Animal Management System

The present disclosure relates to an animal management system. The animal management system can include one or more animal tags, one or more readers, and one or more beacons. In general, beacons, which may be arranged adjacent areas of interest, broadcast announcements of the beacons' presence. Each animal tag stores an identifier and a status (e.g., events, health, etc.) of a corresponding animal. An animal tag coming within range of a beacon updates its status to reflect contact with the beacon. Periodically, the tags report status updates to one or more readers, which forward the information to a data manager for processing and storage.

Beacon

Aspects of the present disclosure relate to a beacon, which can have features in addition to those described herein. The beacon can be located at any site within an animal growing or handling facility at which it is desired to track the proximity of an animal. The beacon can be at a site within the facility (e.g., farm, ranch, feed lot, or stock yard) at which it can communicate with the reader. In an embodiment, the beacon is proximal a feed trough. In an embodiment, the beacon is proximal a water trough.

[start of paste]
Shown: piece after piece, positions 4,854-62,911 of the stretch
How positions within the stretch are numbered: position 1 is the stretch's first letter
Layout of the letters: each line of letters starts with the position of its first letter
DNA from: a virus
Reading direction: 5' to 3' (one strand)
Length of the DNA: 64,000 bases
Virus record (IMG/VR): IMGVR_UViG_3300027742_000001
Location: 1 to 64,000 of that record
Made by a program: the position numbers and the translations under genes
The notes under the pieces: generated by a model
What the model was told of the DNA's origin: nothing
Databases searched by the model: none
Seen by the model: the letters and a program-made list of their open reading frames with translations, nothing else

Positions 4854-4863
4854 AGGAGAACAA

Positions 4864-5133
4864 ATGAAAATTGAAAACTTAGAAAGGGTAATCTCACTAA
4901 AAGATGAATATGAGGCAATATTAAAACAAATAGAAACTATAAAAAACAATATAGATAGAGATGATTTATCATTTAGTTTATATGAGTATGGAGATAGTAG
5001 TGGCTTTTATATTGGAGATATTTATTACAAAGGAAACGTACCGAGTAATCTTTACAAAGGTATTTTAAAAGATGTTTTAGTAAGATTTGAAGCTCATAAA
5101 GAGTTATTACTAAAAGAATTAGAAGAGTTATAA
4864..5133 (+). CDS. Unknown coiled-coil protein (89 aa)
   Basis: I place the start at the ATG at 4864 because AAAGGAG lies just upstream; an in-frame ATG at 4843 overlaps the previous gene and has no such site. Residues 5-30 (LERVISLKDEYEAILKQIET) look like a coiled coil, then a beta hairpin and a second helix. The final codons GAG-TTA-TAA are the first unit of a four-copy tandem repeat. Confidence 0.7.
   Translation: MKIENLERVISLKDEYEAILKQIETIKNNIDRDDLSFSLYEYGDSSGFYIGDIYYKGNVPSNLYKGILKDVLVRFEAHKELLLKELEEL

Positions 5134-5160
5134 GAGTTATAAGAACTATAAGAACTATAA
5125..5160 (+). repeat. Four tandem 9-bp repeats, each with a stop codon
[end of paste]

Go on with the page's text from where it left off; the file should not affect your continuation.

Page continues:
The beacon is configured to broadcast a presence announcement over a predetermined region. For example, in an embodiment, the beacon may broadcast identifying indicia capable of distinguishing the individual beacon, the type of beacon, or other appropriate information. The beacon can be configured to maintain adequate strength of its field in the region, volume, or area in which it is desired that the system track the presence of the tag(s) in cooperation with the beacon. For example, the beacon can be shielded to shape its field. In an embodiment, the beacon is shielded to configure its field to cover a volume occupied by heads of animals eating at a feeding trough. In an embodiment, the beacon is shielded to configure its field to cover a volume occupied by heads of animals drinking at a watering system.